Claims for Copyright Infringement

Creators who are serious about protecting their work are encouraged to pursue copyright registrations. This gives them the ability to easily prove their ownership of the material and file legal claims to protect their rights.

In a claim of copyright infringement, the copyright owner needs to demonstrate the actions taken by the alleged infringer that violated the owner’s rights. Additionally, it is essential that the copyright owner be able to show that the alleged infringer’s actions went beyond the fair use doctrine. No proof that the owner suffered monetary damages is required.

Most copyright infringement cases are decided based on long-standing precedents and case law. They are heard in civil courts, and if the plaintiff prevails, they can stop the infringing actions and receive monetary compensation.

Have You Infringed Any Copyrights?

Some copyright infringements seem quite small and inconsequential, like using a photo that someone else took on your website. However, chances are good that this infringing use is a really big deal to the copyright owner.

Before illegally downloading a new song, take a moment to consider the rights of songwriter and the artist. If you are a creator and are concerned about how your work might be used without your permission, then it’s time to consider registering your works with the U.S. Copyright Office.

Contact Williams IP Law today to schedule an initial consultation.

4 most famous copyright cases

Like patents and trademarks, copyrights are a form of intellectual property protection. In fact, copyrights are used to protect works of authorship that are original and are fixed in a tangible form. This means that copyrights can be used to protect drawings, photographs, compositions, audio recordings, books, films, plays, computer programs, blog posts and additional creations.

In order to obtain and enforce a copyright, it is essential to have the copyright recorded with the U.S. Copyright Office. The author of the created work typically is the owner of the copyright, though it is possible to assign ownership to an individual or entity, such as if the work was created in the course of the creator’s employment.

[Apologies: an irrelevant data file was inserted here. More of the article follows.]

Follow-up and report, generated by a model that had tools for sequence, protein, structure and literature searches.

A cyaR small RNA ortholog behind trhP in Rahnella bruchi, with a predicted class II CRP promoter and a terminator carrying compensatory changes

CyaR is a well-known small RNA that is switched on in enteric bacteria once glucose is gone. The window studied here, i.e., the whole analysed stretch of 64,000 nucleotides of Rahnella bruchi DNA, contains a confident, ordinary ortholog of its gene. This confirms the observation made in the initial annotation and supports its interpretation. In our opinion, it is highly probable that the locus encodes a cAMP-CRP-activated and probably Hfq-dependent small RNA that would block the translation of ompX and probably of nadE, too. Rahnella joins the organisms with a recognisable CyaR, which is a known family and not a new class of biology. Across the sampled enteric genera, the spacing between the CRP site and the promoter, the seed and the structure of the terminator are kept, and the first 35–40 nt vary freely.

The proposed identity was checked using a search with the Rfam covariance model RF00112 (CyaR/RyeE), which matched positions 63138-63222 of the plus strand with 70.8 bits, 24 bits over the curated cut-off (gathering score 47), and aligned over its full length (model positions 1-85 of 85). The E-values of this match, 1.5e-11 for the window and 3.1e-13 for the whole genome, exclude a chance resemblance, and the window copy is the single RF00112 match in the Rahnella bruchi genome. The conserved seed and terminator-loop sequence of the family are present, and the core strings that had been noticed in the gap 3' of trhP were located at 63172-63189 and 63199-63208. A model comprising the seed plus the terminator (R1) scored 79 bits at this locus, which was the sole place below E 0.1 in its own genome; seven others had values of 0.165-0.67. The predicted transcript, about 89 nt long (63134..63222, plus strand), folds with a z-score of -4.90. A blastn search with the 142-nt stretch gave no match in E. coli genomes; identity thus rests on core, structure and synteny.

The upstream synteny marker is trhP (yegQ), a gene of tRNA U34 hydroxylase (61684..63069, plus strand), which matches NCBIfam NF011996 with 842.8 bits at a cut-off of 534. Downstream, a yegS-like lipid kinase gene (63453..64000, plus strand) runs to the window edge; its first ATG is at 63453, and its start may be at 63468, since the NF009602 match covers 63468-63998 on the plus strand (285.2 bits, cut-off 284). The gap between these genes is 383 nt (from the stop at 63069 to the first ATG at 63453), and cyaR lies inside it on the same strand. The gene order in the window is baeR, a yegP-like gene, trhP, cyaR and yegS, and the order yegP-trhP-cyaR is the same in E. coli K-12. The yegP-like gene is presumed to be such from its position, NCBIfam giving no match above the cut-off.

Moreover, it is possible for a copyright owner to grant permission to others to use all or a portion of their original work. Such agreements may involve the payment of fees to the copyright owner to compensate them for their work.

Unfortunately, many people and organizations don’t understand the finer points of U.S. copyright law. This may lead them to inadvertently use something that does not belong to them. Examples of this may include quoting from someone else’s book without citing the source or using a portion of another’s song in a sound recording. When a person features a photograph on their website that was taken by someone else, this also may be copyright infringement if permission was not obtained.

While some cases of copyright infringement are accidental or unintentional, others are not so innocent. Occasionally, someone will deliberately use all or a portion of someone else’s work and pass it off as their own.

Whether the infringement is accidental or intentional, the responsibility for enforcing their rights falls to the copyright owner.

Some copyright disputes become so heated that they turn into litigation. Other cases manage to avoid a trial, but they still undergo an intense and very public battle to determine who unfairly borrowed from someone else’s work.

Here is a look at some of the most famous copyright cases.

David Bowie and Queen vs. Vanilla Ice

The music industry is rife with copyright disputes. Songs may be protected in two ways with copyrights. These protections include coverage for the composition and for the sound recording of the composition. If someone wants to legally use any part of a song that is protected by copyright, then it may be necessary to obtain two licenses from the copyright owner. A sync license may be granted for the composition while a master-use license is needed for the sound recording. Accordingly, it may be necessary to obtain the permission of the songwriter, the performer, the record label and the producer.

When Vanilla Ice released his song “Ice Ice Baby” in 1990, listeners couldn’t help but hear that the bass line was incredibly similar to that used in the 1981 collaboration between David Bowie and Queen entitled “Under Pressure.”

Lawyers working for Bowie and Queen threatened to sue Vanilla Ice for copyright infringement. Vanilla Ice responded by saying that the bass lines were different as his melody included an additional note.